How to Find Your Next Best Idea? Start Here

Seth Godin,  bestselling author and marketing guru really got my attention in his recent blog post “Resilience and the incredible power of slow change .” 

Why? I often talk to folks who are looking to generate a great business idea, but they don’t know where to start. Where do good ideas come from?  Ideas like Google or Facebook, or Starbucks?  I believe great ideas often get discovered simply by applying a new and different perspective to what already exists: seeing with new understanding.  For example, everyone is bemoaning the horrible economy. I say get creative:  with great upheaval comes great opportunity. What long-term trends combined with the current situation are creating new unmet consumer/business needs and desires that you or your company are uniquely suited to address?   Seth Godin reminds his readers to refocus attention away from crisis and toward the shifts in systems, processes and expectations.  Here’s an abridged excerpt from his thoughtful post:

“Most existing systems (organizations, cities, careers, governments) are resilient to external shocks. If they weren’t, they wouldn’t still be here. Earthquakes, edicts and emergencies come and they go, but the systems remain.

And yet, it’s the emergencies we pay attention to.

No single event demolished the music business. It was a series of slow changes over the course of two decades, all the way back to the CD.

Smoking killed far more people than terrorists ever did. It’s just not as dramatic.

Cultural shifts create long terms evolutionary changes. Cultural shifts, changes in habits, technologies that slowly obsolete a product or a system are the ones that change our lives. Watch for shifts in systems and processes and expectations. That’s what makes change, not big events.

Don’t worry about what happened yesterday (or five minutes ago). Focus on what happened ten years ago and think about what you can do that will make a huge impact in six months. The breaking news mindset isn’t just annoying, it may be distracting you from what really matters. As the world gets faster, it turns out that the glacial changes of years and decades are becoming more important, not less.”  (The boldface is my addition for emphasis)

So take look at long-term trends and changes, and couple your findings with creative insights from a wonderful book called “A Whole New Mind” by Daniel Pink.  If you don’t know how to start to analyze trends to find opportunity, this book can give you a jump-start.  Wikipedia  summarizes Pink’s premise: three prevailing trends are affecting business and the economy:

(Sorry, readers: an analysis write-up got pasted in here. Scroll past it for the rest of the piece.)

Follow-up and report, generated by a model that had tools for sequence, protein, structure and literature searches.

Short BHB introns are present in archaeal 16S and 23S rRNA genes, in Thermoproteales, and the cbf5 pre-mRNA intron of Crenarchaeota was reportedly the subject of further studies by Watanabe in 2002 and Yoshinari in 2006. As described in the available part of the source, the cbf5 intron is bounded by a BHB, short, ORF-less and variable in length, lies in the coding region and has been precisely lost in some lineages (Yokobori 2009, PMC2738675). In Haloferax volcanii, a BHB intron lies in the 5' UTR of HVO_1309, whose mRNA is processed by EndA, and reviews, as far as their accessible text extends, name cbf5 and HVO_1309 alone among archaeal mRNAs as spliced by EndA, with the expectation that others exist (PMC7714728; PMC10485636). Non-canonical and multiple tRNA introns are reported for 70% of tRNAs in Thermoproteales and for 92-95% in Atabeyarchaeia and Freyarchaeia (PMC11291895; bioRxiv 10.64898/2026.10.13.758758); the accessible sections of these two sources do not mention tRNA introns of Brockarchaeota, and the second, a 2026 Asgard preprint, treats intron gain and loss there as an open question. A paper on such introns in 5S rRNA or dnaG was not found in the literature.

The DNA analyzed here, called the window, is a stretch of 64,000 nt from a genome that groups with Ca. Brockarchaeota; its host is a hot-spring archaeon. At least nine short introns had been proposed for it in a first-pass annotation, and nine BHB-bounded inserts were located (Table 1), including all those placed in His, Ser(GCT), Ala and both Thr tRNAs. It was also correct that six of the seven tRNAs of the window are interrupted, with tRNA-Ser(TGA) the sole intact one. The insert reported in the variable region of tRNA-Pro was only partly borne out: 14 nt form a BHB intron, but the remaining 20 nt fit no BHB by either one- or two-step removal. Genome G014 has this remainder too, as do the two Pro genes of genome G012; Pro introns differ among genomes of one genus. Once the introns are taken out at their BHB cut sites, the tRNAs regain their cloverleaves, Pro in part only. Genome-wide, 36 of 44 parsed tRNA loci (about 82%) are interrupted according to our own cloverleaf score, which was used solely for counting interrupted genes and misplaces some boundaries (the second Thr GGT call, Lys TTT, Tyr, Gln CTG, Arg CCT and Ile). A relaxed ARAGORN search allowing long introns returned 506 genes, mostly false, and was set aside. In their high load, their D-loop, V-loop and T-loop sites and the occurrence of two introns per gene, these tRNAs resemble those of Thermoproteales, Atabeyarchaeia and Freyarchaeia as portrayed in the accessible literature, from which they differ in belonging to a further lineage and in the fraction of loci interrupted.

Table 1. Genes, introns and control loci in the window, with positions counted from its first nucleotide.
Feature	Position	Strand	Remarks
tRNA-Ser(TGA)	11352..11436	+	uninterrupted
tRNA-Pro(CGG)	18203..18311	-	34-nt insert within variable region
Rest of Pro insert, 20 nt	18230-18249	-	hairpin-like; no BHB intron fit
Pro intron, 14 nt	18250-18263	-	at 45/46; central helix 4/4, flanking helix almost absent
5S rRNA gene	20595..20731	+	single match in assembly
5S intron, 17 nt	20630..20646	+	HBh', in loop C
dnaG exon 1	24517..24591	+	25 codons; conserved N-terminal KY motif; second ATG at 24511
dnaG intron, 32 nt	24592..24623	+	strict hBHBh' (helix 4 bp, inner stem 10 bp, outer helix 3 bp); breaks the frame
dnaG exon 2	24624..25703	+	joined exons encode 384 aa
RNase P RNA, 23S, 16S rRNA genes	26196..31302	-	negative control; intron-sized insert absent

1. Abundance (consumers have too many choices, nothing is scarce)
  2. Asia (everything that can be outsourced, is), and
  3. Automation (computerization, robots, technology, processes).

From here, Pink does some heavy lifting by paving potential pathways to future personal and professional success by identifying six human abilities that appear pertinent to this new economy:

  1. Design – Moving beyond function to engage the sense.
  2. Story – Narrative added to products and services.
  3. Symphony – Adding invention and big picture thinking (not just detail focus).
  4. Empathy – Going beyond logic and engaging emotion and intuition.
  5. Play– Bringing humor and light-heartedness to business and products.
  6. Meaning – The purpose is the journey, give meaning to life from inside yourself.

Even better, Pink provides exercises to help you develop and apply each of these abilities.  So if you  are looking for a new business idea, and/or to re-create yourself for more success in the future, try looking backward at your industry or your business per Godin, and then look forward with  some of Pink’s tools.  See anything in a different light?

Since almost nothing changes when you do the same thing the same way, just shifting your perspective might just help you to stumble upon the next big thing. What do you have to lose?

Check out Godin’s full post here and his website here.  More on Daniel Pink, click here.

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Date: Monday, 23. August 2010 13:06
Trackback: Trackback-URL Category: Career & Finance, Creativity & Fun Stuff

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